Affordances are a hidden language for interface design. With their help, we can literally “guide” the user inside the interface. But inappropriate use of affordances can seriously harm a brand or product.
It is customary to distinguish several types of affordances.
Explicit pointers… Explicit affordances rely on familiar things that prompt the user to take action. If a button on the site looks like a button in the physical world, you know that you can click on it. If there is text or an icon next to it, the affordances become even more pronounced: they tell how the system will respond to your action. Something blatant like the text “Click here” belongs to this group.
Pattern pointers. These are trends and habits that have become popular to the point of common understanding. Blue and / or underlined links. The logo that returns to the home page. Gray text in form fields. Profile link in the upper right corner. Highlighted and gray dots showing position in multi-step assignments. Arrows to scroll through the carousels. Navigation from above. Continue on your own.
Hidden pointers. They remain invisible until certain conditions are met. For example, you accidentally move your cursor over text, and the text changes color to indicate that it is a link. This is an example of a hidden pointer, a subtle but useful way to show functionality. If you’re familiar with Pinterest, you’ll remember how the ability to pin, send, or like a photo only appears on hover.
Metaphorical pointers. A simplified house icon symbolizes the home page, an envelope means email, a folder means … a folder. These are all examples of metaphorical pointers relying on the user’s common sense (and familiarity with everyday objects) to establish correspondence.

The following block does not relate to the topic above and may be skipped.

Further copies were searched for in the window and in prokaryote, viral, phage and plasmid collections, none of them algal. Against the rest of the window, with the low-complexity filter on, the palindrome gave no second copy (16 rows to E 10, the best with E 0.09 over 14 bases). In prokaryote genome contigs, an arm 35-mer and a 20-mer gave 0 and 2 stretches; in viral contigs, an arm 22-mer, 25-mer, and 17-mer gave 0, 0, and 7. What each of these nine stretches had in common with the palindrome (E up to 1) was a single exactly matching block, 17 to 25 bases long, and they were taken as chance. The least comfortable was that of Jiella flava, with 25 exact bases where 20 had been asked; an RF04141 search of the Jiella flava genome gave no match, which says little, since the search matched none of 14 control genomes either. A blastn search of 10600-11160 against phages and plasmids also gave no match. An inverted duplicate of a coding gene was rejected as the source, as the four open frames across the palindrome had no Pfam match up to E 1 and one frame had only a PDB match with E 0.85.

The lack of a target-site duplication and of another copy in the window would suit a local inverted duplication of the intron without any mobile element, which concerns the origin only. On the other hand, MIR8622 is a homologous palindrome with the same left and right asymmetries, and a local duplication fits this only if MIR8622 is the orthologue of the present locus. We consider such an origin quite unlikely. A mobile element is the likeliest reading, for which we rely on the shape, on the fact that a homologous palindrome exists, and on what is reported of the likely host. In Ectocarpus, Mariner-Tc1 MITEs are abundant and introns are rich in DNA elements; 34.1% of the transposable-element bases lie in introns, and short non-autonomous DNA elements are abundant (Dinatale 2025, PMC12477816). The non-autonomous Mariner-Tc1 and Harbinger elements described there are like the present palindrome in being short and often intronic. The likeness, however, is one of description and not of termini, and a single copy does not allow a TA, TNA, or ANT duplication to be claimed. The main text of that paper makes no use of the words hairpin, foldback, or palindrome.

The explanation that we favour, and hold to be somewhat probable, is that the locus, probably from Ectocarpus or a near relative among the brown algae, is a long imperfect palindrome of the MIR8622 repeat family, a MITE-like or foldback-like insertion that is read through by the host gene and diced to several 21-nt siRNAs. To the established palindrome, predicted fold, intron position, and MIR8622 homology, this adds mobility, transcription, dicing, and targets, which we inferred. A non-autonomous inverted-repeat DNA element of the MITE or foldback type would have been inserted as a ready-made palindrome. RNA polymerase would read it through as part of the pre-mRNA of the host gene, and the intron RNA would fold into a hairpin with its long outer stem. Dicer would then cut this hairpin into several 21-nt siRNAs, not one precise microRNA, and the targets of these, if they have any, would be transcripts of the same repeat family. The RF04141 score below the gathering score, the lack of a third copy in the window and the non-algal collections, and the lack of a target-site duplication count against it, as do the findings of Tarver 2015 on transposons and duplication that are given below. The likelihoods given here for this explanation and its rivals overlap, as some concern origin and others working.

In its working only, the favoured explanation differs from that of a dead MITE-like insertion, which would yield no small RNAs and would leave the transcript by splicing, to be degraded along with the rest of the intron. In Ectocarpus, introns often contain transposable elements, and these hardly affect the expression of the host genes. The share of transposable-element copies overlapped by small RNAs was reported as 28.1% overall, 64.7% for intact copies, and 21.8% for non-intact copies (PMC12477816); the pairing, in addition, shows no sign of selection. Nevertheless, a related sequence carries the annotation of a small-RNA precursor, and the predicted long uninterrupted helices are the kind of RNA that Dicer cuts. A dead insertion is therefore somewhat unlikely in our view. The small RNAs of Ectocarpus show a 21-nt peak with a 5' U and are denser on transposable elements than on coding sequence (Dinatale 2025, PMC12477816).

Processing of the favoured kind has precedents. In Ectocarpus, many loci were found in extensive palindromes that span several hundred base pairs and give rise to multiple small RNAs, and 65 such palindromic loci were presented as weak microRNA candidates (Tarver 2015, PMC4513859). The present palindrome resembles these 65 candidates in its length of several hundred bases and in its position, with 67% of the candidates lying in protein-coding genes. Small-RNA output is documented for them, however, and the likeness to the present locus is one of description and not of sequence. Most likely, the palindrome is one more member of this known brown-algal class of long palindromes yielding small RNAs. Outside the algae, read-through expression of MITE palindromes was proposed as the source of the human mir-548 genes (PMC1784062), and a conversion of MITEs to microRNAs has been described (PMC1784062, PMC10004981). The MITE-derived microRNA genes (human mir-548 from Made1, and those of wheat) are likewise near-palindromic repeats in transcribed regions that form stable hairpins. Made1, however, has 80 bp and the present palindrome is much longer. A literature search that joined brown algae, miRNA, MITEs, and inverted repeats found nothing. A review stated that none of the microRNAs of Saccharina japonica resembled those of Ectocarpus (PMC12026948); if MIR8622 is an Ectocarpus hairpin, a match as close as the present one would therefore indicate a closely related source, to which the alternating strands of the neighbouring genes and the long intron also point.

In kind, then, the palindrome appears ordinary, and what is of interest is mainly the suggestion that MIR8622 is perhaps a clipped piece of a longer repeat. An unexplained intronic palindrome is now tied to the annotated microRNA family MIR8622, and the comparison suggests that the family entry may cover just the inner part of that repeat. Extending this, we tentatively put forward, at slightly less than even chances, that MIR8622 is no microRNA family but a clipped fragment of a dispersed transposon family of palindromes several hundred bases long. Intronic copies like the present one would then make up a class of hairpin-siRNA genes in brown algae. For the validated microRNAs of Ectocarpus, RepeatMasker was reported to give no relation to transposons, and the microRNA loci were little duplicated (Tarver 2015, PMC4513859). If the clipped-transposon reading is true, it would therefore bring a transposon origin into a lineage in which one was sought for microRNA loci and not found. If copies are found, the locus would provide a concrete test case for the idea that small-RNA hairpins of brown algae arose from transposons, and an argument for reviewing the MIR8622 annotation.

Negative pointers convey unavailability and malfunction of something. The most common negative pointer is gray text – it renders an inactive element. Skillful use of negative pointers will divert attention from inactive functions and point to more useful ones at the moment. Gray text fades into the background, while black clickable text remains visible. The use of gray text to indicate inaccessibility has become so popular that it has become a pattern.
With this logic, you can control the user’s attention depending on the design problem. To highlight accents, prioritize information and, in the end, immerse it in a voluminous and complex product in an easy and understandable form for the user.
It’s a shame that such a useful thing as affordance can be easily overlooked in the pursuit of a non-standard, unusual interface. The following mistakes are most often made:
- There is no menu or home button. And in order to open it, you need a swipe, which is not indicated by an icon or a hint.
- A brand or company logo appears too often in important blocks of the interface, focuses on itself, distracts from really important information and overloads the visual and composition.
- Interactive (clickable) elements – buttons, links, illustrations – do not stand out from the rest of the content. Small, faded, bulky, unattractive – they will not be noticeable, they will be overlooked. And along with them are useful features implemented in the application.
If you want to build an interface on new, non-standard principles, be prepared to invest not only in development, but also in marketing. When introducing new approaches, you will have to set aside time to build user habits. Product brands spend years doing this.
PS In this article, we figured out the theory. In the next part, we will talk about specific tools that will help to apply the considered approaches in practice and design a design taking into account the psychophysiological background and established patterns.